H. P. Lovecraft’s Advice to Young Writers

Seminal cosmic horror writer H. P. Lovecraft published this article on writing (“Literary Composition”) in the January, 1920 issue of The United Amateur. There are some useful and some hilariously archaic-sounding thoughts in this, and one section in particular stands out among the former. Here, HPL puts names and concise definitions to three abstract dimensions of fiction writing that are absolutely important:

Unity, Mass, Coherence

In developing a theme, whether descriptive or narrative, it is necessary that three structural qualities be present: Unity, Mass, and Coherence. Unity is that principle whereby every part of a composition must have some bearing on the central theme. It is the principle which excludes all extraneous matter, and demands that all threads converge toward the climax. Classical violations of Unity may be found in the episodes of Homer and other epic poets of antiquity, as well as in the digressions of Fielding and other celebrated novelists; but no beginner should venture to emulate such liberties. Unity is the quality we have lately noted and praised in Poe and Bierce.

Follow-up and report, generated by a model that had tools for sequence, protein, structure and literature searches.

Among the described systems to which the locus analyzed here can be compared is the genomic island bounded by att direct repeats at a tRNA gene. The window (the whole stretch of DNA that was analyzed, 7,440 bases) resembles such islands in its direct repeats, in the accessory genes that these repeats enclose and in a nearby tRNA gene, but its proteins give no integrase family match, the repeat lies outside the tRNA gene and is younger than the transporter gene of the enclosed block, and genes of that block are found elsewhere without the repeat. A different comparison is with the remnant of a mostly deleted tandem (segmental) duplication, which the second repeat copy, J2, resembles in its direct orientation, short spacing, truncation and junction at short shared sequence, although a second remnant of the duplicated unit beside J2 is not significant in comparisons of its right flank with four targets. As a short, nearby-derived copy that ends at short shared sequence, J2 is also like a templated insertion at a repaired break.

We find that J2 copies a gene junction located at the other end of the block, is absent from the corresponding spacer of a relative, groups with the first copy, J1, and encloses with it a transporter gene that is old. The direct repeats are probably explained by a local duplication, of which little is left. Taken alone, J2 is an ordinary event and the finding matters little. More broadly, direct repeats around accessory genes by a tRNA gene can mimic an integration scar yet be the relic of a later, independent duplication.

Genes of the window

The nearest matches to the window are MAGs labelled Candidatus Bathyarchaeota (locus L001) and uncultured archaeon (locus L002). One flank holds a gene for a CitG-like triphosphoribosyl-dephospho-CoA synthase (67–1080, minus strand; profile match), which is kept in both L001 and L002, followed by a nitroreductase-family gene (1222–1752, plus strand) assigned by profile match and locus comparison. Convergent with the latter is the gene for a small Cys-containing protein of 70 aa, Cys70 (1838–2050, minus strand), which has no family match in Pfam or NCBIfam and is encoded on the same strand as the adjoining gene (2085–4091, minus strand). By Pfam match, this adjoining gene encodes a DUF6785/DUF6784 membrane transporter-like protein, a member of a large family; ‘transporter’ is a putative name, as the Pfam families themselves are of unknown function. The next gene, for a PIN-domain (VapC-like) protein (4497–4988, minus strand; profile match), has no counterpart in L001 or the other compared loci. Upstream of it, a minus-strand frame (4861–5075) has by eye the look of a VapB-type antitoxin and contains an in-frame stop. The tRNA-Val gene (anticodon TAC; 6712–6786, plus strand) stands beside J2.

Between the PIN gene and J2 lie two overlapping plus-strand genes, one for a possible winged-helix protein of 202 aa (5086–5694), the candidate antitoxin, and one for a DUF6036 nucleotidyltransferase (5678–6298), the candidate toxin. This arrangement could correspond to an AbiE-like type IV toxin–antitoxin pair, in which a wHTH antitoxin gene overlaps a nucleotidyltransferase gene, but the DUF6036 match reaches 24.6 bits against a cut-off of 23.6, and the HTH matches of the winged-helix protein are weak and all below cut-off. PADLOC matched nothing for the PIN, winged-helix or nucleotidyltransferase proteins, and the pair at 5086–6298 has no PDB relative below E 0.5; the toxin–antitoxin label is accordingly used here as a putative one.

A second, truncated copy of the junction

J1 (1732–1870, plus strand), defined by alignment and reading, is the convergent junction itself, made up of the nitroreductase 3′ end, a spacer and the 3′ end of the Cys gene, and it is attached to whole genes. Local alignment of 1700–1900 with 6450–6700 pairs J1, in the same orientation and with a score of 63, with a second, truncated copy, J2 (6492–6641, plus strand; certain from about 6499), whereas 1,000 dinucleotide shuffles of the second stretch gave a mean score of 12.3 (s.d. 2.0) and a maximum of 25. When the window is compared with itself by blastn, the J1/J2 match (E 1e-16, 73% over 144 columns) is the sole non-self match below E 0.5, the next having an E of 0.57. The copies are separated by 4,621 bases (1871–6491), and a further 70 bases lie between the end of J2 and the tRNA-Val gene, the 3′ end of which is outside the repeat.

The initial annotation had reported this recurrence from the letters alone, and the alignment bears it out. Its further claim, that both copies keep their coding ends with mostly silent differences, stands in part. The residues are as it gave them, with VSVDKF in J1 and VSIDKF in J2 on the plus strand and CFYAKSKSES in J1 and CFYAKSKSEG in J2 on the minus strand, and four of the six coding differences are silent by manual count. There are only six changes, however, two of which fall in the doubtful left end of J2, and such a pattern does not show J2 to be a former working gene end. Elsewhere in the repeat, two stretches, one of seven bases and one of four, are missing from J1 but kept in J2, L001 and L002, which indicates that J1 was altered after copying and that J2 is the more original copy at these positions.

Mass is that principle which requires the more important parts of a composition to occupy correspondingly important places in the whole composition, the paragraph, and the sentence. It is that law of taste which insists that emphasis be placed where emphasis is due, and is most strikingly embodied in the previously mentioned necessity for an emphatic ending. According to this law, the end of a composition is its most important part, with the beginning next in importance.

Coherence is that principle which groups related parts together and keeps unrelated parts removed from one another. It applies, like Mass, to the whole composition, the paragraph, or the sentence. It demands that kindred events be narrated without interruption, effect following cause in a steady flow.

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